Sun moves to join phones, Web services

The company is working to turn its Java software for cell phones and other gadgets into a tool to leapfrog Microsoft in Web services.

SAN FRANCISCO--Sun Microsystems is working to turn its Java software for cell phones and other gadgets into a tool to leapfrog Microsoft in Web services, a movement to remake the Internet that caught Sun flat-footed.

Microsoft helped launch the Web services movement and plans to sell both its .Net software--used to create Web services--and some of the services themselves. Sun was slow off the blocks, though, deciding only last year to promote its Sun One Web services effort alongside its Java software as it seeks greater profits from the Java langauge.

But the Santa Clara, Calif.-based server seller is now off and running. Monday, at its JavaOne show here, the company announced an effort to create Web services software that will run on cell phones and other gadgets.

The work will "extend Web services...to wireless handsets" or any other device with a Java Virtual Machine, said Sun Java Chief Rich Green during a keynote address Monday. The project, a collaboration between Sun and other companies, should yield the new technology in the summer of 2003.

Web services is a push, widely endorsed but still largely nascent, to make services on the Internet more sophisticated. For example, drivers using a dashboard-based computer could surf the Web for nearby gas stations, which could trigger a cascade of communications: gas stations sending prices and promotions to the computer, a news site sending traffic alerts.

Sun's new effort builds on its successes with cell phone makers and service operators, including Vodafone Group, NTT DoCoMo, Verizon Wireless, Sprint, Motorola and Nokia. Nokia, the top maker of phones, has said it expects to ship 50 million Java-enabled phones by this year and 100 million by 2003.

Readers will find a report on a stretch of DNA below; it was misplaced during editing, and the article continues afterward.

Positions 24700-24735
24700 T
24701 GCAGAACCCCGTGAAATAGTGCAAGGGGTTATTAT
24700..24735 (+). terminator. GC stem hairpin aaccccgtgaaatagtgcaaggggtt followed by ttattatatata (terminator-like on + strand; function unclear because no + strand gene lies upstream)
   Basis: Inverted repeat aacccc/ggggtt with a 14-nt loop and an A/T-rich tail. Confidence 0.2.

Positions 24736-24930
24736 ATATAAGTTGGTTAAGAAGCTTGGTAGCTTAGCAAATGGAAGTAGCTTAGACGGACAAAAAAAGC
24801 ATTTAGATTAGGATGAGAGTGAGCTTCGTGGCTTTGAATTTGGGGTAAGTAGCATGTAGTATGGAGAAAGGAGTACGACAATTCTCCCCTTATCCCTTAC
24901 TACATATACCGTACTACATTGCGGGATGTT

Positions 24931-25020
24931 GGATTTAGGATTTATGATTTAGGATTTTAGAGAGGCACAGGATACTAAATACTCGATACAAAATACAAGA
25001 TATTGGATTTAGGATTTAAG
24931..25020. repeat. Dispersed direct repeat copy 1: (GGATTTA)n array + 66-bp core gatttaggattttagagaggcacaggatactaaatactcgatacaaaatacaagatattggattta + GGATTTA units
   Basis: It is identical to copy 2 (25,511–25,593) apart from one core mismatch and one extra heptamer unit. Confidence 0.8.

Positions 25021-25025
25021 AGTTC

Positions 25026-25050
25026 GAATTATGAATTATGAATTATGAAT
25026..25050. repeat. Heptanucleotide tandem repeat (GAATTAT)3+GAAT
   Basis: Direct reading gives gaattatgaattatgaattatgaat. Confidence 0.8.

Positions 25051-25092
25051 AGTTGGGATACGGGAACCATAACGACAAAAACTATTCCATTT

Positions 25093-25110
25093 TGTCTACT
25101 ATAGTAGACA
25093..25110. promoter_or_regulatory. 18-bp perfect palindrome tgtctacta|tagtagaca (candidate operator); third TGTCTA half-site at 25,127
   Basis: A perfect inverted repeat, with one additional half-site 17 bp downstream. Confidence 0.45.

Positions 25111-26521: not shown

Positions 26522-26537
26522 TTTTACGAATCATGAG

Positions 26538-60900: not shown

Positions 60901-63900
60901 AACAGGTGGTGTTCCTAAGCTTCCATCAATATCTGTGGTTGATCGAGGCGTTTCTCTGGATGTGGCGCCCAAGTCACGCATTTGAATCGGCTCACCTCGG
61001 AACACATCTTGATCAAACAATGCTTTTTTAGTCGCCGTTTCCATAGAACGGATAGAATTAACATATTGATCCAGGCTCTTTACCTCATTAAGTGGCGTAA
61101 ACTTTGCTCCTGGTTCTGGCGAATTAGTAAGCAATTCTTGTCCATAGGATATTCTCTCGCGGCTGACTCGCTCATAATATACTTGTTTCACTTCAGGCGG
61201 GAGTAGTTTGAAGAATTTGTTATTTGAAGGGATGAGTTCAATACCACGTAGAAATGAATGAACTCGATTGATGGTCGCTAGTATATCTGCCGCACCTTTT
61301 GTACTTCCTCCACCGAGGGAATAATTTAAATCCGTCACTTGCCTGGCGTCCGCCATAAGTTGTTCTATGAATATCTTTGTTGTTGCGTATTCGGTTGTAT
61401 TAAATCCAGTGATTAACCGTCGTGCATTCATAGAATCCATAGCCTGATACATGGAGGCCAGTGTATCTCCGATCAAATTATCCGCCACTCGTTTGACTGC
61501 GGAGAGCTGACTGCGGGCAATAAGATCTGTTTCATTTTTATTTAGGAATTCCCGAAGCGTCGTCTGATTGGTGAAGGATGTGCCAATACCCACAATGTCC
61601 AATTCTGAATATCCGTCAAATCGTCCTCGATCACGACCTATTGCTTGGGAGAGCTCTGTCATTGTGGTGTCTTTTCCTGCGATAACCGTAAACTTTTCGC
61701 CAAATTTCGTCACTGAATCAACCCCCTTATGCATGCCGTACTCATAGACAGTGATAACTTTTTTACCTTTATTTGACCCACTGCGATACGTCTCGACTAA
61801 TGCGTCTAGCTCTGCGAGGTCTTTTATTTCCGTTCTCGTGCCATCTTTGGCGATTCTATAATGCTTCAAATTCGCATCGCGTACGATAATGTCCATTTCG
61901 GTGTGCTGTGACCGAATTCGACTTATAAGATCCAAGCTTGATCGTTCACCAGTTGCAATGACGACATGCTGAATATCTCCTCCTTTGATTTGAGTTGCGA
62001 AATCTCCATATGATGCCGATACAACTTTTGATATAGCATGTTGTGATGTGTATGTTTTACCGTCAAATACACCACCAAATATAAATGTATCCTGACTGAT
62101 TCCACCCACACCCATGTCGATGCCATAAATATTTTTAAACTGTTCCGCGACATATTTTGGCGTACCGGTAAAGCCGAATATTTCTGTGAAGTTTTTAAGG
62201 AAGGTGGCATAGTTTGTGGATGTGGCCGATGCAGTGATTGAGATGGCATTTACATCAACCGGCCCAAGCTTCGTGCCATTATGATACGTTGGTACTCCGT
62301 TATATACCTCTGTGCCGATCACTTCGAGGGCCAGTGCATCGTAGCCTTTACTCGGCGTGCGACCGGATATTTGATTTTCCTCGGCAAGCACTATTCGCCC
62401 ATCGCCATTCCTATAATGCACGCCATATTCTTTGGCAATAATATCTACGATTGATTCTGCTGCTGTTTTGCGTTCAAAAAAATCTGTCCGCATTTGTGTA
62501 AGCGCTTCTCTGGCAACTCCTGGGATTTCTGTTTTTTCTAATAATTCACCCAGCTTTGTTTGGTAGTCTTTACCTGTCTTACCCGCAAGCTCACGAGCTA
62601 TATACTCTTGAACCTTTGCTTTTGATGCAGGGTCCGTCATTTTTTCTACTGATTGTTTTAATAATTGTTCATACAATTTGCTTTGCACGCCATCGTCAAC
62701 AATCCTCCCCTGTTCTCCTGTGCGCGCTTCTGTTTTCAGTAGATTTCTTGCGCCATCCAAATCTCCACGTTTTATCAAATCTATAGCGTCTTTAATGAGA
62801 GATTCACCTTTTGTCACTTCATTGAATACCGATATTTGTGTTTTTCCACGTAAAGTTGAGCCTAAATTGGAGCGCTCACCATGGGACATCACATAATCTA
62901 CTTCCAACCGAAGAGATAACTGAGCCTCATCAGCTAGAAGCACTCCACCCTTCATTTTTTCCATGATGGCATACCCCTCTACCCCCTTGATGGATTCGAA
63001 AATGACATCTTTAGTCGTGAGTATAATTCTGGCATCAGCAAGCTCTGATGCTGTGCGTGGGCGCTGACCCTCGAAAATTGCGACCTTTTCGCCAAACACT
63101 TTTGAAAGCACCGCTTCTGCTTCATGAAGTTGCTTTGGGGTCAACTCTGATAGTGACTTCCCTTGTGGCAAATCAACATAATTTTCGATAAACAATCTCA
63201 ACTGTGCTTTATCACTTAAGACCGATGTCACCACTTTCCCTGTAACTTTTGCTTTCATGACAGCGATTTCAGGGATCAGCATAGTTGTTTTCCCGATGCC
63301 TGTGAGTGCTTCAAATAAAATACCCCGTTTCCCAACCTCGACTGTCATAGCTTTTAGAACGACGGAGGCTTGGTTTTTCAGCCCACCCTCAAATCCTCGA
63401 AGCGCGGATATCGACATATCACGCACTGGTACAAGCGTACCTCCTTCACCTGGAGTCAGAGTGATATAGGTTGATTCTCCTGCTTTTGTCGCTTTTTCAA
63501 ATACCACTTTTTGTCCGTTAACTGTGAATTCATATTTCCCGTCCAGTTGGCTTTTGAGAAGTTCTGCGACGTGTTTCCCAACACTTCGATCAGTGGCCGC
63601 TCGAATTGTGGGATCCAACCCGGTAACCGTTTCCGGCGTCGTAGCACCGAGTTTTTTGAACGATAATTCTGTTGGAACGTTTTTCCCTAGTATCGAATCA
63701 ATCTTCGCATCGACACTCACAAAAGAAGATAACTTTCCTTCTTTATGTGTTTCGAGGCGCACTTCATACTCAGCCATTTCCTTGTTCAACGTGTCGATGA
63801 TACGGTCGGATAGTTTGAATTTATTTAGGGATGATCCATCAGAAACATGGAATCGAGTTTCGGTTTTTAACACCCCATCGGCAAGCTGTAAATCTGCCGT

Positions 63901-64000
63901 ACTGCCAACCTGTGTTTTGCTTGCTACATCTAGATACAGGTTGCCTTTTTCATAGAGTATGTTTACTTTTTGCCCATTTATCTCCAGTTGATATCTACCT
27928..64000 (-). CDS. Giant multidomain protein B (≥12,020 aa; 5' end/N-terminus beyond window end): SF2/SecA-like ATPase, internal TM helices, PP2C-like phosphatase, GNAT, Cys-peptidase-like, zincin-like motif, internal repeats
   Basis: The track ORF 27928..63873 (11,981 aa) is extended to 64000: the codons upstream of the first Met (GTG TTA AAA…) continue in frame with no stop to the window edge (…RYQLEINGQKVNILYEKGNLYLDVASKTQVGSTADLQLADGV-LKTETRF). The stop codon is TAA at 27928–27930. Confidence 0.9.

"2002 is the year of wireless Java," proclaimed Jouko Hayrynen, Nokia's vice president of mobile software, during Green's keynote.

Java, invented by Sun, allows programs to run on many devices of the same class without having to be rewritten for each one or having to be tweaked for different operating systems. For example, a Java program could run on an IBM or a Sun server, or on a Motorola or a Samsung cell phone.

Microsoft is comparatively weak in cell phones, but it has explicitly included portable computing devices in its Web services work. Microsoft's .Net Compact Framework competes with Sun's Java 2 Micro Edition for gadgets.

Also, Microsoft's Web services technology for gadgets is expected sooner. The company will release its Web services technology for mobile devices during the second half of 2002, about a year earlier than Sun.

Sun argues it's ahead, though, by virtue of its installed base of Java cell phones. "It's an issue of present vs. potential future," Green said in a news conference Monday.

Sun runs and guns
Sun has launched an all-out effort to catch up in the Web services field and to embrace its underpinnings, such as the XML standards for describing data and messages. Senior executives say "Java and XML" where they once just said "Java," and Sun changed Green's title last year from general manager of Java to general manager of Java and XML (Extensible Markup Language).